History of Journalism in the United States

by George Henry Payne. New York; D. Appleton & Co. 1920. 12mo, xx+453 pp.
MR. PAYNE tells the story of the coördinated development of democracy and journalism in this country, from the days of Benjamin Harris, who established in Boston in 1690 Publick Occurranees, the first newspaper issued on this continent, to the time of our own Mr. Hearst. The book contains of necessity so much about the political leaders and the important public events of the past two hundred years that it might almost be called a historical sketch of the United States from the Colonial period.
It is a matter of common knowledge that the press has exerted a powerful influence wherever free government and free speech have flourished, but there are indications that, at least in this country, it does not carry as much weight as it once did. Some students of current affairs believe that the disappearance of personal journalism has lessened theprestigeof the‘fourth estate,’ as a whole, and given the news columns, what is widely admitted, more influence than the editorial page.
Mr. Watterson, the last of our great editors, said recently that personal journalism could not be escaped. Mr. Dana wrote years ago: ’Whenever, in the newspaper profession, a man rises up who is original, strong, and bold enough to make his opinions a matter of consequence to the public, there will be personal journalism; and whenever newspapers are conducted only by commonplace individuals whose views are of no consequence to anybody, there will benothing but impersonal journalism.’ In spite of Mr. Watterson’s prediction—perhaps in justification of Mr. Dana’s — personal journalism hardly exists to-day.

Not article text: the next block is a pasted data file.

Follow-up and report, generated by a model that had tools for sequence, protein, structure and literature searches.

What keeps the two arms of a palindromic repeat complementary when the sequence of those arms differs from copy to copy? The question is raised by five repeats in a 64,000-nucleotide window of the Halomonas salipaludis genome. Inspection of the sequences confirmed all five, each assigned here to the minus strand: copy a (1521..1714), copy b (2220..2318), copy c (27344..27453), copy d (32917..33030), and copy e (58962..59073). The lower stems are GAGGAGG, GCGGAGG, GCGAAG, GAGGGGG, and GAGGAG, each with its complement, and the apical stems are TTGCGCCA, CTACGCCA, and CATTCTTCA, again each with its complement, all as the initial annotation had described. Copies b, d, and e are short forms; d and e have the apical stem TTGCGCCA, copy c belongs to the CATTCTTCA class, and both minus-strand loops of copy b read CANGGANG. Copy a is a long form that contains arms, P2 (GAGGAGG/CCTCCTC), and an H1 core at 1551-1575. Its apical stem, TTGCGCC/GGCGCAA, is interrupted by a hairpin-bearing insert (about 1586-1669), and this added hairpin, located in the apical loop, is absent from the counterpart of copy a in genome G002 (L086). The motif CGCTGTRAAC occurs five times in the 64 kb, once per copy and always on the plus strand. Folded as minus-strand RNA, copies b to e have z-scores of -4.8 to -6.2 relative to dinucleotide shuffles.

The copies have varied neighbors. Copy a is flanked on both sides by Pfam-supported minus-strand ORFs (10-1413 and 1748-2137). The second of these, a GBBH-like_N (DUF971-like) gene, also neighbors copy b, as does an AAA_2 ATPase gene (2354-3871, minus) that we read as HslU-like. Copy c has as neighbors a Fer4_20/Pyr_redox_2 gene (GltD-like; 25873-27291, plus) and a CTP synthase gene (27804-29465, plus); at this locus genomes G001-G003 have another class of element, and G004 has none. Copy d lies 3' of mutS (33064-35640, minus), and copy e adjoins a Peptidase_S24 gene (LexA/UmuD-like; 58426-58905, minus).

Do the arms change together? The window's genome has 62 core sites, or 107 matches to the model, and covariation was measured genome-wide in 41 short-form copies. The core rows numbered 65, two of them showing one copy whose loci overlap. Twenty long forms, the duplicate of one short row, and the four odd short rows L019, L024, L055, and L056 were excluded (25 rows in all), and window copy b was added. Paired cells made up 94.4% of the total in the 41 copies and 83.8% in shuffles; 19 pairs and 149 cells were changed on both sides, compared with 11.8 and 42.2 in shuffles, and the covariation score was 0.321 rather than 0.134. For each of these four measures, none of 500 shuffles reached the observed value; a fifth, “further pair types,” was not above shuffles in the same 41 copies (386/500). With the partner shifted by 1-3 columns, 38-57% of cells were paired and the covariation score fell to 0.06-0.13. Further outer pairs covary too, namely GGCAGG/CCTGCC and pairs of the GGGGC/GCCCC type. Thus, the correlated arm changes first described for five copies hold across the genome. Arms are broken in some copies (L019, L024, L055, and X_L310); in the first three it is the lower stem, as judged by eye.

The changed conditions are probably due in part to the growing theory among modern newspaper editors that their proper function is the distribution of news. The journal of 1920 is often, either frankly or disingenuously, a money-making enterprise and not a guide of conduct. Whether this latter-day doctrine is as sound as the earlier one, that every editor had a mission in the world, is a question which would lead to lengths of discussion quite beyond the present limits.
Mr. Payne’s dictum that ‘journalism is the only profession where prejudice, like versatility, may be an asset’ will not be generally accepted. Versatility is helpful in most callings; open-mindedness and freedom from prejudice are essential in journalism, if for no other reason, because the newspaper writer is practically unanswerable before his own audience. His readers rely, consciously or unconsciously, on the sheet which is left at their doorstep every morning or evening. The newspaper editor and reporter, therefore, have a responsibility so great that they should be the most unprejudiced and most judicial of men.
It is unfortunate that the publication of this book was not delayed for a few weeks. The author could then have recorded that apotheosis of the American newspaper man — the nomination of two editors by the Republicans and Democrats for the Presidency of the United States. Regardless of the moment of publication the book presents a mass of significant fact in a field hitherto but scantily tilled.
J. D. M.
In response to requests from many librarians, the reviews printed each month in this department of the magazine will be reprinted separately in pamphlet form. Copies may be had by any librarian, without charge, on application to the Atlantic Monthly, 8 Arlington St., Boston.